The noble Lord, Lord McNally, is right that that ministerial group does not include the Department for Education and Employment or the other departments that he mentioned. However, as part of the crime reduction strategy, there will be a separate ministerial group which will have a much wider membership and include the Departments for Education and Employment and for Health. I take the noble Lord's point entirely. It is intended to be a focused, strategic group, but it is not intended to stand without assistance from other colleagues. I touch briefly on the work of that group, recognising that noble Lords will not have had a chance to study it. What is intended--it is a self-imposed discipline and is the only way in which to achieve results--is the production by that group of a three-year strategic plan, an annual forward business plan and, of critical importance, an annual report of performance against objectives. If we can make that work we shall take a very important step on this very difficult journey.

The noble Lord, Lord McNally, asked generally about ethnic minorities. In this country we have been shamefully slow in dealing with the problems of ethnic minorities for a very long period of time. We shall provide extra grants to organisations which are not limited to those available to local authorities under Section 11. We are consulting with the Commission for Racial Equality on its recommendations and encouraging the establishment of a European monitoring centre on racism and xenophobia. We have already abolished the primary purpose rule which was a cause of significant complaint.

Not least it is extremely important to recognise the significance of the step taken by the Home Secretary and its inevitable consequences. Knowing the difficulties, he set up a public inquiry into the murder of Stephen Lawrence. It is not for me to pre-judge or even guess at the conclusions and recommendations of that inquiry, but there is no doubt in my mind that as a matter of absolute moral certainty in five or ten years' time we shall look back at those recommendations, first, with a feeling of deep shame and, secondly, it is to be hoped with the ability to do better in future. For too long one has heard, "I do not have a racist bone in my body. Neither I nor my organisation is racist". I do not believe that there is any senior police officer in the land who disagrees that the police have a long way to go. Of course it is a matter of persuasion and changing attitudes. The first important step to changing attitudes is to get to the truth, which in the Lawrence case is deeply ignoble.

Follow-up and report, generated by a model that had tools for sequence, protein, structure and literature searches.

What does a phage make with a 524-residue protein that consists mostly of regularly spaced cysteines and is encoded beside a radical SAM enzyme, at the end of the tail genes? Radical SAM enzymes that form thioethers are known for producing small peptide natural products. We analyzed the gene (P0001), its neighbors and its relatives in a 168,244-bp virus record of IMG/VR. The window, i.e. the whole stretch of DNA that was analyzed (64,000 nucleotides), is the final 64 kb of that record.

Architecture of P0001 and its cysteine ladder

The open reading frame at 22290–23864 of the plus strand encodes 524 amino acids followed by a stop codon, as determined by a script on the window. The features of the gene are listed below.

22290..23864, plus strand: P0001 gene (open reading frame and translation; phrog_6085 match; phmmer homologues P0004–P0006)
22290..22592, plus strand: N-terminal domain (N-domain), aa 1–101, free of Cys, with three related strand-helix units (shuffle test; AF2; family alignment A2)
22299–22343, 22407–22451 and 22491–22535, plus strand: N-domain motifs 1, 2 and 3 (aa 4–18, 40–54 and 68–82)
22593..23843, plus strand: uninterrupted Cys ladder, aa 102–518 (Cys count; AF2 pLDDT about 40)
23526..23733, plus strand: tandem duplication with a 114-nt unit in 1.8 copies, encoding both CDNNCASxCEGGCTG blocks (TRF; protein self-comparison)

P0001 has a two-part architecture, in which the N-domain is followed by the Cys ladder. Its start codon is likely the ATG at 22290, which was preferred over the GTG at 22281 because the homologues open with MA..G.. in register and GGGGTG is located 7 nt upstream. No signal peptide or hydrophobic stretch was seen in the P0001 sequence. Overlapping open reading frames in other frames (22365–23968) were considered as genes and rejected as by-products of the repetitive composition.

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As to the Prison Service, the comments that have been made are well justified. Part of the extra money is to be spent on additional places. I have never been one to say that it is all the fault of the previous government. I simply observe the objective fact that custody as a sentencing alternative in the Crown Court has substantially increased. That form of sentence has also significantly increased in the magistrates' court. The Government have the constitutional obligation to provide prison spaces if independent judicial tribunals want to impose those sentences. As we have sought to do under the Crime and Disorder Bill, with the philosophy shortly set out in the spending review, it is much more fundamental to see whether we can stop small children of 10 years getting into a system which everybody in this House knows causes them to be recidivists, offers them no benefit and puts upon the public purse an enormous burden in terms of both finance and fragmented societies. We are however going to spend £79 million, which is quite a sum, on improving constructive activity including education, which so many of your Lordships have rightly stressed in recent times. An announcement will be made very shortly by my right honourable friend Mrs. Taylor about access to drug-testing and treatment programmes in prison. Perhaps that is best left for her announcement.

The noble Baroness began in a way to which I am well accustomed; namely, constructively and reasonably. However, she was led into social misbehaviour when she commented on the whole of the Comprehensive Spending Review and raised the question whether we had inherited a marvellous situation and whether Sodom and Gomorrah--doom and destruction--lay just around the corner. I do not think noble Lords would expect me to join that particular jousting, because the noble Baroness is a politician and I am not--presently.